Just a year later, Hill’s role in 2011’s Moneyball earned him an Academy Award nomination for Best Supporting Actor. Here, Hill plays the Oakland Athletics talent scout, Peter Brand, who helps Brad Pitt’s Billy Beane buck Major League Baseball’s financial system. Essentially, Hill plays it quiet, complementing Pitt’s subtle fury. Neither performer spirals into an extended rage sequence, nor does either one break down emotionally in a typical “Oscar” moment. Yet, there’s value in these performances (no pun intended), and perhaps it’s the complete departure from typical Oscar-bait performances that makes Moneyball so memorable. In a bad movie, Brand would say something like “I’m very good at my job.” Instead, Hill merely implies the obvious and exudes confidence during the most appropriate moments.
Speaking of confidence, Hill’s character in Martin Scorsese’s 2013 film The Wolf of Wall Street is a complete lunatic. Of course, the same goes for the entire primary cast, as the film satirizes the money-hungry arrogance of Wall Street culture — in this case, during the 1980s. As Donnie Azoff, Hill infuses a sense of mystery to the character. He’s just a little bit stranger than the others because of his wardrobe, bright white teeth, and the mythology surrounding his personal life. That’s good stuff. And by fully capitalizing on this unique character sketch, Hill earned himself another Oscar nomination, one that’s purely memorable amongst a three-hour Scorsese classic full of bizarre, unforgettable sequences.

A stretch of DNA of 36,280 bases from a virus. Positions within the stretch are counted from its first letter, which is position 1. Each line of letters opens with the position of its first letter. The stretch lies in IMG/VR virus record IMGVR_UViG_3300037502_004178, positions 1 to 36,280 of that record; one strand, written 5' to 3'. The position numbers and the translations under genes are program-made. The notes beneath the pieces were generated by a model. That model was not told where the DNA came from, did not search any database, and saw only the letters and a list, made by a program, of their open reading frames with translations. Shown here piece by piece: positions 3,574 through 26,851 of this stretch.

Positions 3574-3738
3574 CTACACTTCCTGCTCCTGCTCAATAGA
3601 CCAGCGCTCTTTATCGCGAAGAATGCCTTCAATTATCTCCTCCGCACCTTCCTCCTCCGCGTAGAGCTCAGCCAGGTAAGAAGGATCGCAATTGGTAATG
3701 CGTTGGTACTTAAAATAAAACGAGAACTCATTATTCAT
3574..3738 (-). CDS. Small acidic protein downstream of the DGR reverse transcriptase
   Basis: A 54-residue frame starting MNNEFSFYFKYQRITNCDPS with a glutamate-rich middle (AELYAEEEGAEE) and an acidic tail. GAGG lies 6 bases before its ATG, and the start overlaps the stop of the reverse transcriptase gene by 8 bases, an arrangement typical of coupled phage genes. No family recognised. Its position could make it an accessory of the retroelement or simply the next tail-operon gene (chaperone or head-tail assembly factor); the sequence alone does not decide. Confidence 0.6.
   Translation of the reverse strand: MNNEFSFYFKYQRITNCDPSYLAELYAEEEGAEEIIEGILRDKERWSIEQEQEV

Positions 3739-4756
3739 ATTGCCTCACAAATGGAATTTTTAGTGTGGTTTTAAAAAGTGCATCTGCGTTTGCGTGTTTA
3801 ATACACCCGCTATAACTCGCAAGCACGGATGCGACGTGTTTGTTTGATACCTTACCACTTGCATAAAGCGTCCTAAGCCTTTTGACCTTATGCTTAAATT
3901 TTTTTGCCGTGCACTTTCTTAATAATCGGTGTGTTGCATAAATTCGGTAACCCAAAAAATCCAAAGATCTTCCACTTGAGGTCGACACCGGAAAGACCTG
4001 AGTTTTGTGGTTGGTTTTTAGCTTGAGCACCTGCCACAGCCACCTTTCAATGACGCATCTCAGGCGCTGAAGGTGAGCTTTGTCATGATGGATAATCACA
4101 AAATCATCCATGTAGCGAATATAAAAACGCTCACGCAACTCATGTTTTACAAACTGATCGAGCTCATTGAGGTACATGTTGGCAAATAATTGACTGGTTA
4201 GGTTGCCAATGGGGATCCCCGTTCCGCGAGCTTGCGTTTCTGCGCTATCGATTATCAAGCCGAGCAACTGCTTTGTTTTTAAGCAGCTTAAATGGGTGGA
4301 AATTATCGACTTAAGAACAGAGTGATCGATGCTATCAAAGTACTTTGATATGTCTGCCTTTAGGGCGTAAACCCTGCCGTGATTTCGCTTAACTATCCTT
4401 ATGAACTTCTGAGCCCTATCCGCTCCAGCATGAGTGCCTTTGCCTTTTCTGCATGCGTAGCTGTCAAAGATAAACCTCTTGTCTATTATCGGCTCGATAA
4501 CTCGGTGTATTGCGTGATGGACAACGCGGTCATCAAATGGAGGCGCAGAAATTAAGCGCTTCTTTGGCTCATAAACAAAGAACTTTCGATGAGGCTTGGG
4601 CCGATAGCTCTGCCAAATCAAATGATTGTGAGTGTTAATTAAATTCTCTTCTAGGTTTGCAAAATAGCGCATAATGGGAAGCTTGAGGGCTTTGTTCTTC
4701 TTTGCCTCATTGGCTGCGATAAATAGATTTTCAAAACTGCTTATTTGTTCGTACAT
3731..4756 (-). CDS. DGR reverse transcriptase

Most recently, Hill reunited with his Superbad co-star Emma Stone for Cary Joji Fukunaga’s limited series Maniac. Hill once again embraced character mythology by appearing as the various dream-state forms of a single character, Owen Milgrim. While the narrative itself requires patience and certainly isn’t for everybody, Maniac suggests that Hill will continue to keep thinking outside the box.
And given the early rave reviews of his directorial debut, Mid90s (scheduled for an October 19 release via A24), one could argue that Hill is currently laying the groundwork for a multi-decade career with Hollywood mogul potential. And if that’s what’s delaying 23 Jump Street: Medical School, we at Fandor are okay with that.
For more cinematic shout-outs, see our recent editorials on Buster Keaton, Jennifer Coolidge, Brie Larson, and Naomie Harris. Plus, don’t miss all of Fandor’s latest, like where we ask the question: Is “Desperately Seeking Susan” a feminist film? Or where we analyze the acquired taste of Peter Greenaway.
Q.V. Hough (@QVHough) is Vague Visages’ founding editor and a freelance video essayist/writer. From 2006 to 2012, he lived in Hollywood, California and worked closely with ABC On-Air Promotions as the production manager for LUSSIER. From 2014 to 2017, Q.V. wrote over 600 video scripts for WatchMojo, and he’s the author of their first e-book, WatchMojo’s 100 Decade-Defining Movie Moments of the 1990s. In January 18, Q.V. joined Fandor’s freelance team and currently has four on-going video essay series: Icons + Outliers, Riding the Wave, Between the Lines and Fandor Italian Style. He now resides in Fargo, North Dakota.